The desensitization about the significance and meaning of human life by many today is astounding -- murdering defenseless humans in the womb is dusted off and called "abortion" or even "termination of a pregnancy" or even more abstractly, a few other medical terms, and murder (that includes suicide) is called, "euthanasia."

Murder is murder. If there's mercy involved with it, it's in the mind and beholding of someone rationalizing the act. I'm not at all impervious to suffering, but, the focus in this issue, here, is not on suffering but on some abstract disregard for the meaning of what it is to be alive.

The Netherlands seems to be a breeding ground (strange term applied in this case) for an increasingly deconstructed concept of civilization. Barbarism. It's barbarism.

Man, this whole situation i... (Below threshold)

Man, this whole situation is just screwed up.

Look, for decades doctors have been quietly helping terminally ill patients pass on comfortably when the time came. Deliberately giving a patient an overdose of morphine — with the family's consent — used to be … well, I don't want to say common, exactly, but it was one of those things doctors would do.

But today something that used to be a private matter between doctor and patient or patient's family is now a question of public policy. And, ironically, something that used to be a very big deal is now trivialized to the point of being a statistic.

In trying to legislate the end of life, we've succeeded only in destroying the sanctity of it.

EUthanasia. EU knew it was... (Below threshold)
andre3000:

EUthanasia. EU knew it was coming.

IN DEFENSE OF NEANDERTHALS,... (Below threshold)
-S-:

IN DEFENSE OF NEANDERTHALS, however, Paul, they lived among a society that cared for their sick and their ailing members, buried their dead with memontos and ornaments and had a larger brain capacity than us Homo Sapiens. So, I always try to speak up in defense of Neanderthals, given that it's suspected that they were not an inferior branch of humankind, but, perhaps, a superior one supplanted by another, perhaps severe climate changes and challenges dwindled their numbers down to such an extent that they were easily replaced or lost, or some combination of factors that affects life in one or a few generations, but, the point is is that the Neanderthals don't indicate that they were any more or less primitive than our branch of humans, who did survive.

You know, it's only a miracle that we're here today, since what we know from our DNA is that we're all -- everyone alive today on the planet -- we're all descendants of one small group of humans, if not one lone female. It's surmised from that that the human populations were reduced to such extremes at a few points in our human history that only a handful of people on the planet survived, and then reproduced exponentially afterward (thus, our limited DNA variations).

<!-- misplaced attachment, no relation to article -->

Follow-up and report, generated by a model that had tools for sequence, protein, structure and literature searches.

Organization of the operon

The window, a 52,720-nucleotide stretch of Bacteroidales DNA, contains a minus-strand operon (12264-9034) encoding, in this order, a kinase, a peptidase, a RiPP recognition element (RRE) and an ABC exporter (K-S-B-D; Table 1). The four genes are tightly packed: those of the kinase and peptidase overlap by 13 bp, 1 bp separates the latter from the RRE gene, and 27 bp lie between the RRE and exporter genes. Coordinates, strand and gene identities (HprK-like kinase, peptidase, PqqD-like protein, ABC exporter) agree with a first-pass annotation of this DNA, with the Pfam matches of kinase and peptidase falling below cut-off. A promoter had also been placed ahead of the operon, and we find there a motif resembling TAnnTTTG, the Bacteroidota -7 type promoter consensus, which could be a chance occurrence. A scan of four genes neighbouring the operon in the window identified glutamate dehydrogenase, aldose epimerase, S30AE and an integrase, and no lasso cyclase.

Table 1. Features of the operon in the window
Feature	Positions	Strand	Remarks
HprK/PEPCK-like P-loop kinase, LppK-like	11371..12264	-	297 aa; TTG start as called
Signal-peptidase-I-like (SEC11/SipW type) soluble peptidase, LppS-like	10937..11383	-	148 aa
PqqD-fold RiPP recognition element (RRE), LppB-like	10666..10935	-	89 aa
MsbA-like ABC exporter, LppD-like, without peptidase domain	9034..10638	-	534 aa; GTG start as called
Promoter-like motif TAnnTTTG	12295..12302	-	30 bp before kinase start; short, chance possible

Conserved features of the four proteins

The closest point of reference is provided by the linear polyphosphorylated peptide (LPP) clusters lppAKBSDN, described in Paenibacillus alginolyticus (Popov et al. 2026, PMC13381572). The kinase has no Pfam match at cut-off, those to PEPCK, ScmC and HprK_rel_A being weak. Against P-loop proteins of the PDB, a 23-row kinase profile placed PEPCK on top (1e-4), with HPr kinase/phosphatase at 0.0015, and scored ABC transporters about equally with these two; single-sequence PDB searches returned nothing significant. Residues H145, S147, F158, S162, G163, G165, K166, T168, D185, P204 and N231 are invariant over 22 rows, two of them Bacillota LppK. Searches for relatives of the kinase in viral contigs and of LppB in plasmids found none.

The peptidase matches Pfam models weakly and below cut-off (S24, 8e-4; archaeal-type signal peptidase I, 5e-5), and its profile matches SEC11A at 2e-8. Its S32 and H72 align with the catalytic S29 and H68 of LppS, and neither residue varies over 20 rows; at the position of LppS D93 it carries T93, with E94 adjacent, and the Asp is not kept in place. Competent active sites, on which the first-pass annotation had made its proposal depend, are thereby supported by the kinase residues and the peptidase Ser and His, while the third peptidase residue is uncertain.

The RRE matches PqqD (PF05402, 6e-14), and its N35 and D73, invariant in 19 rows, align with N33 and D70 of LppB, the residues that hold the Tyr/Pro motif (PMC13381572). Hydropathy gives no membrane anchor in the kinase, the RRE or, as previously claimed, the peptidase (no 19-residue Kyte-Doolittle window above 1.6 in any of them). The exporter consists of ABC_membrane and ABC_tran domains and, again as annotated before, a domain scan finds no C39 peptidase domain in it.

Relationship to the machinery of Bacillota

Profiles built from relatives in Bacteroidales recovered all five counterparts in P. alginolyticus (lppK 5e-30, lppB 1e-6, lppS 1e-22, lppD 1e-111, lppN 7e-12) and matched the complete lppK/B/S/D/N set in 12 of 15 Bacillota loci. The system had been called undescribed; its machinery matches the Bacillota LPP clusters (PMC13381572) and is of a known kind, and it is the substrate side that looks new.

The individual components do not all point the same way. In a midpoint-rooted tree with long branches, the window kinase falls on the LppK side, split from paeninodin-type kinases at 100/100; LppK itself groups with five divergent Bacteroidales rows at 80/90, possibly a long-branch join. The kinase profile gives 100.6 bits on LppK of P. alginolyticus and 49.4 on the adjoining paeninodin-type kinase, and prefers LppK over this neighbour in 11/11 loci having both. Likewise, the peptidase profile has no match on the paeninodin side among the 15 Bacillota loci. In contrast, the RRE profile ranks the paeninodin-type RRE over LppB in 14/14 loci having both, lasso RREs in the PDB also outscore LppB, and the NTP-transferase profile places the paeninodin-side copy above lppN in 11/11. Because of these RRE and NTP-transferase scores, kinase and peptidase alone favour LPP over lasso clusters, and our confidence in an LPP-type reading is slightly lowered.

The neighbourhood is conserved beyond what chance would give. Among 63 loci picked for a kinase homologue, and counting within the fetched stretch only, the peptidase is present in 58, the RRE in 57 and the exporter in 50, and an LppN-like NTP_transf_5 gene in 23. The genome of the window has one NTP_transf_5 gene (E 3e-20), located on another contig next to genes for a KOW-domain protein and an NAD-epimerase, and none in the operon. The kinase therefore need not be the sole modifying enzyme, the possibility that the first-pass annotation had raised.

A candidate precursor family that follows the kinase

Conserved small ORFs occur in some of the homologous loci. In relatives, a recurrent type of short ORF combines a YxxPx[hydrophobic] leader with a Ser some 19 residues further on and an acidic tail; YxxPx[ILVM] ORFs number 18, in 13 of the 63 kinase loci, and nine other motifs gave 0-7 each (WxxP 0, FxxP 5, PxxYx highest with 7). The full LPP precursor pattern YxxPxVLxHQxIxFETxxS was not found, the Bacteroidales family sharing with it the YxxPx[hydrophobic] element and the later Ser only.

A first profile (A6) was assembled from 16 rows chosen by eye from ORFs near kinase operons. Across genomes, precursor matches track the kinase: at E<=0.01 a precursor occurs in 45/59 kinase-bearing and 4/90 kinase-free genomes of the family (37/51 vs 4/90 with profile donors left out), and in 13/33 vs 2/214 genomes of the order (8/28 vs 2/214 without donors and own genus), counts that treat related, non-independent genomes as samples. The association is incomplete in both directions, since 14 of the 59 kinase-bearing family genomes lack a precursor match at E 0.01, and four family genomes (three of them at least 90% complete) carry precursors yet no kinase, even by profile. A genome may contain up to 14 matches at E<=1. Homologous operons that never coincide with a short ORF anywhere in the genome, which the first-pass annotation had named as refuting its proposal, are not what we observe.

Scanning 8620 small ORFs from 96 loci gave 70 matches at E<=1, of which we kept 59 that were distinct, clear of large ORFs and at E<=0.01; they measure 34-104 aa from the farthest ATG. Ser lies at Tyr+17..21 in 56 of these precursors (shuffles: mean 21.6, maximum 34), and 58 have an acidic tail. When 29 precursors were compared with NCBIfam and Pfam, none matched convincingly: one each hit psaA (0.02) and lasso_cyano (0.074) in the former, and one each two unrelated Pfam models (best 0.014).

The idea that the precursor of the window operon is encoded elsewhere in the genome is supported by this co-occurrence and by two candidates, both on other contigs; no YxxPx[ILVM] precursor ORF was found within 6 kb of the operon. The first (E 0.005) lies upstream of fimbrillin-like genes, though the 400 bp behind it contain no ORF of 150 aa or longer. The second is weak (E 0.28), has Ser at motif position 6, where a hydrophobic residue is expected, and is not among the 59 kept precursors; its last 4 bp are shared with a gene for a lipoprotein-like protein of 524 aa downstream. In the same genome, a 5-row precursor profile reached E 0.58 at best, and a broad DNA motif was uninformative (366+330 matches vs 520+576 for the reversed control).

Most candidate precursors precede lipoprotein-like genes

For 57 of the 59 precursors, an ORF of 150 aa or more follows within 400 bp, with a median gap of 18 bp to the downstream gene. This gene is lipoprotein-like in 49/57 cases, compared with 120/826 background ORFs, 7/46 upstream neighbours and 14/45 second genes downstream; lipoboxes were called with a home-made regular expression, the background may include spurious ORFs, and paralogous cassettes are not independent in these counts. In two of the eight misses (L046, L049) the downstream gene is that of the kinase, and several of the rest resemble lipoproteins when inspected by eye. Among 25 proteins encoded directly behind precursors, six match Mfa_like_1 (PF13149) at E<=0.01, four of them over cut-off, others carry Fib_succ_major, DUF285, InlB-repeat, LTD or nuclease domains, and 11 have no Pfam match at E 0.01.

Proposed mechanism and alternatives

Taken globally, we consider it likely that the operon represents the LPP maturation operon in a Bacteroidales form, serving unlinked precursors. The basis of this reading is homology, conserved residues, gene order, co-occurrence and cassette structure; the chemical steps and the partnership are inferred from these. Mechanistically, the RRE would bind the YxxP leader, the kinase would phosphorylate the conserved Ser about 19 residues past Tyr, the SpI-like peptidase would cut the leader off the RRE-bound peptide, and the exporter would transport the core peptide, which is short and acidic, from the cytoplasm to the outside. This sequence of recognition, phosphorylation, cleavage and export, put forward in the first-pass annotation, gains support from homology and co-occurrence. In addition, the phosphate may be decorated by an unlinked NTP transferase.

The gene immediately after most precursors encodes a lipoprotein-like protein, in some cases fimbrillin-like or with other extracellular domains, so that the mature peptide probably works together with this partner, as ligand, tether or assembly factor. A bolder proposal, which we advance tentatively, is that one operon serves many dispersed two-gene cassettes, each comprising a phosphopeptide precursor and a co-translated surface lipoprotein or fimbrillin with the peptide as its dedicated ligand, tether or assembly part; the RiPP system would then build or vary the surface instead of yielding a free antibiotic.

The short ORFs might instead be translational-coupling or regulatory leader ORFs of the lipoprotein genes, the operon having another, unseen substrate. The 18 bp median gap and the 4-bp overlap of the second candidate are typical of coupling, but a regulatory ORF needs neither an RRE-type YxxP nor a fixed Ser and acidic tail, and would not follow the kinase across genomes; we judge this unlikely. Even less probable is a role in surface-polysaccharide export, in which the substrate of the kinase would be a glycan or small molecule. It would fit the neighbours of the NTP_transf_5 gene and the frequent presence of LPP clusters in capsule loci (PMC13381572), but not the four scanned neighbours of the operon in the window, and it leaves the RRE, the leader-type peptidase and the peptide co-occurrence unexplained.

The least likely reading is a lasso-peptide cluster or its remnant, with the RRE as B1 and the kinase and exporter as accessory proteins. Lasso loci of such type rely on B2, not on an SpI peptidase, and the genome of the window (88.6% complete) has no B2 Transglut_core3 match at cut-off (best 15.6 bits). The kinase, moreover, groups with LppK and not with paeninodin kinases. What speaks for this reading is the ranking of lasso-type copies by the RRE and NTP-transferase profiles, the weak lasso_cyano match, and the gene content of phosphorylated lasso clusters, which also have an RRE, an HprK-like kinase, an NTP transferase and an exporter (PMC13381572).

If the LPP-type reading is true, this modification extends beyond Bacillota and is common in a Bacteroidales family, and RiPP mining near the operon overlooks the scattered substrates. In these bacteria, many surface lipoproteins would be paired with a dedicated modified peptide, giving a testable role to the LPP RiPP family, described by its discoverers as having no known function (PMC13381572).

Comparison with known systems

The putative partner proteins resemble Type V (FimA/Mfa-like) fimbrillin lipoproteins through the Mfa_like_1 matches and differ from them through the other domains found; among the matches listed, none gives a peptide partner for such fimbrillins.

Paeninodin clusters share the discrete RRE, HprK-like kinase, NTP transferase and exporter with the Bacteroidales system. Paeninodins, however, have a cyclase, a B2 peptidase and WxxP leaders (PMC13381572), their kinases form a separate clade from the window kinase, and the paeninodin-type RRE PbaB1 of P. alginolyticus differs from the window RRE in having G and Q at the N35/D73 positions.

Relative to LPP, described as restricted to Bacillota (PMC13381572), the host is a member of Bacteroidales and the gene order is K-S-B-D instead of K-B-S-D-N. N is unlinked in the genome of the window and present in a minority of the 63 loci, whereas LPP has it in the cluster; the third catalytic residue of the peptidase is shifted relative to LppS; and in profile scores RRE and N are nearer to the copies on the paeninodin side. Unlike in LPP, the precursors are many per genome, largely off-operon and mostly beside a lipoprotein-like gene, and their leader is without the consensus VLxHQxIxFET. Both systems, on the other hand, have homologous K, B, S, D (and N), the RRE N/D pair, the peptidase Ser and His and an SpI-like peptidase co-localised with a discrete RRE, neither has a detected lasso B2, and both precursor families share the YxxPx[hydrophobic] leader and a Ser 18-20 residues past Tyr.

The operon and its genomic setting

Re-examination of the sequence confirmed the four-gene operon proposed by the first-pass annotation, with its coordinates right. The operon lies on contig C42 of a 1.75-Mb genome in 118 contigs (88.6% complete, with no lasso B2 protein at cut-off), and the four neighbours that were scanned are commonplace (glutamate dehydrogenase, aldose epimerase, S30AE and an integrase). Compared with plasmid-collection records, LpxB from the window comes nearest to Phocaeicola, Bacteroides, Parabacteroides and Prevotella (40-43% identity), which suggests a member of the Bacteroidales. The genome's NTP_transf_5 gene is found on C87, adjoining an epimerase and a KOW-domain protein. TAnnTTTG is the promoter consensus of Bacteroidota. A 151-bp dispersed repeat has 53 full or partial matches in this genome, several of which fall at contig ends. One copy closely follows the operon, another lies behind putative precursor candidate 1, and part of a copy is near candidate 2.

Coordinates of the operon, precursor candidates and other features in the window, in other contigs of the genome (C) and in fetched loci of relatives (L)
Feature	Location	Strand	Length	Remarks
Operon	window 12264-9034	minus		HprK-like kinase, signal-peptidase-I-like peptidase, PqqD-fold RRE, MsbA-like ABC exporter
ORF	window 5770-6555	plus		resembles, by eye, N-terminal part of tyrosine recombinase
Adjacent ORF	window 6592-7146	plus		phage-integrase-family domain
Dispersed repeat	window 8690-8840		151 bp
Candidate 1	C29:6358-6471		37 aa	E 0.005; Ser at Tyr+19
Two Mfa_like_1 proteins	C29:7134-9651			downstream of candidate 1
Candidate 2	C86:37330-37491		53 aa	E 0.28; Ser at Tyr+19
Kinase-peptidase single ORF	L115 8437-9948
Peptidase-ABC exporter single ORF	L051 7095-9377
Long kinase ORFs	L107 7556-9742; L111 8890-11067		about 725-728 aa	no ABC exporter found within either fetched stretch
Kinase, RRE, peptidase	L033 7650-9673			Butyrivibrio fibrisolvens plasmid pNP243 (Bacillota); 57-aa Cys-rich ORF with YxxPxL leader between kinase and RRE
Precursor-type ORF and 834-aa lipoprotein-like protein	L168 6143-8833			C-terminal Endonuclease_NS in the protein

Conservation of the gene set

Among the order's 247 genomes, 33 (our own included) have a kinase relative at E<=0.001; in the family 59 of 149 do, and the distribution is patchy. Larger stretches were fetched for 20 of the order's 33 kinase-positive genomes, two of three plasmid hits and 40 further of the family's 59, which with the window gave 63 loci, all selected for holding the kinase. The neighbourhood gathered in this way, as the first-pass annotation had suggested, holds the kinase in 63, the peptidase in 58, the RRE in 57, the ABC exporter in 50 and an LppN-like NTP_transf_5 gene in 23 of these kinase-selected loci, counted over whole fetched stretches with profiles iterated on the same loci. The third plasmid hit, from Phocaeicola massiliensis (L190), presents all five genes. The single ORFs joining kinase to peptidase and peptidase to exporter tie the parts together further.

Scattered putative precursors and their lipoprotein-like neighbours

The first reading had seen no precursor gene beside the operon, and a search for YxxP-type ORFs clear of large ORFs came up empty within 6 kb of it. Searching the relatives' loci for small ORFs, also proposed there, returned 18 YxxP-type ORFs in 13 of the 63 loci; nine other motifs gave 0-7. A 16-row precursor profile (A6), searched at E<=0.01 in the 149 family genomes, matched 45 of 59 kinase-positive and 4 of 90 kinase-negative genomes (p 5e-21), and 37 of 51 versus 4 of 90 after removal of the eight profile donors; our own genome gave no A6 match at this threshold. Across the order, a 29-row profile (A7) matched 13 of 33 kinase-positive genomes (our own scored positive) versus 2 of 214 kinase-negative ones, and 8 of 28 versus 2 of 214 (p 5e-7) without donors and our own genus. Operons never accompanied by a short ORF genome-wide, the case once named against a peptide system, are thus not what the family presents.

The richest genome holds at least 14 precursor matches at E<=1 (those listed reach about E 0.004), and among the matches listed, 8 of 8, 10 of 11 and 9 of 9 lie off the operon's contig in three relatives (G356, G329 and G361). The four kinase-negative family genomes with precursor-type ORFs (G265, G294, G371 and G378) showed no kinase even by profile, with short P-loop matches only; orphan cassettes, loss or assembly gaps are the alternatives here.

Same thing probably happened to the Neanderthals but they, unfortunately, didn't make it past whatever traumatic event reduced their populations.

But, nothing that I am aware of about Neanderthals indicates that they were symbols of the worst that people can be, but perhaps superior to who we are as to physiology, capability. We'll never know, unfortunately, but I still try to stick up for them, in reverance for the lost people of Earth.

This sort of thing happens ... (Below threshold)
Mark:

This sort of thing happens in the USA over a million times a year. It's commonly known as abortion. Except in the great majority of cases, the baby killed is perfectly healthy.

Julie and Jennifer, are you... (Below threshold)
Bonnie:

Julie and Jennifer, are you suggesting that killing these babies is an okay thing to do? I mean, whether the parents decide to do it or the doctors decide to do it, either way it is so wrong. Whether it is done "humanely" with painkillers, it is wrong. Even if the baby was only going to live a few months, or was going to be retarded its whole life, it is absolutely wrong to kill it. I disagree with euthanasia, but if some old geezer is sick of living in pain and wants to take their own life, at least they made the decision. These are little babies. It makes me so sick that people are doing this in that so-called progressive state. And they call Americans and our moral values infantile.

I don't really care for hys... (Below threshold)
Tim in PA:

I don't really care for hysterics from either side of the abortion debate, but I think this crap in the Netherlands is a step too far.

They need to stop and take a long good look at the path they are headed down. Give the hospitals the power to euthanize infants, and the list of reasons to do so will keep growing.

Even if the baby was onl... (Below threshold)
julie:

Even if the baby was only going to live a few months, or was going to be retarded its whole life, it is absolutely wrong to kill it.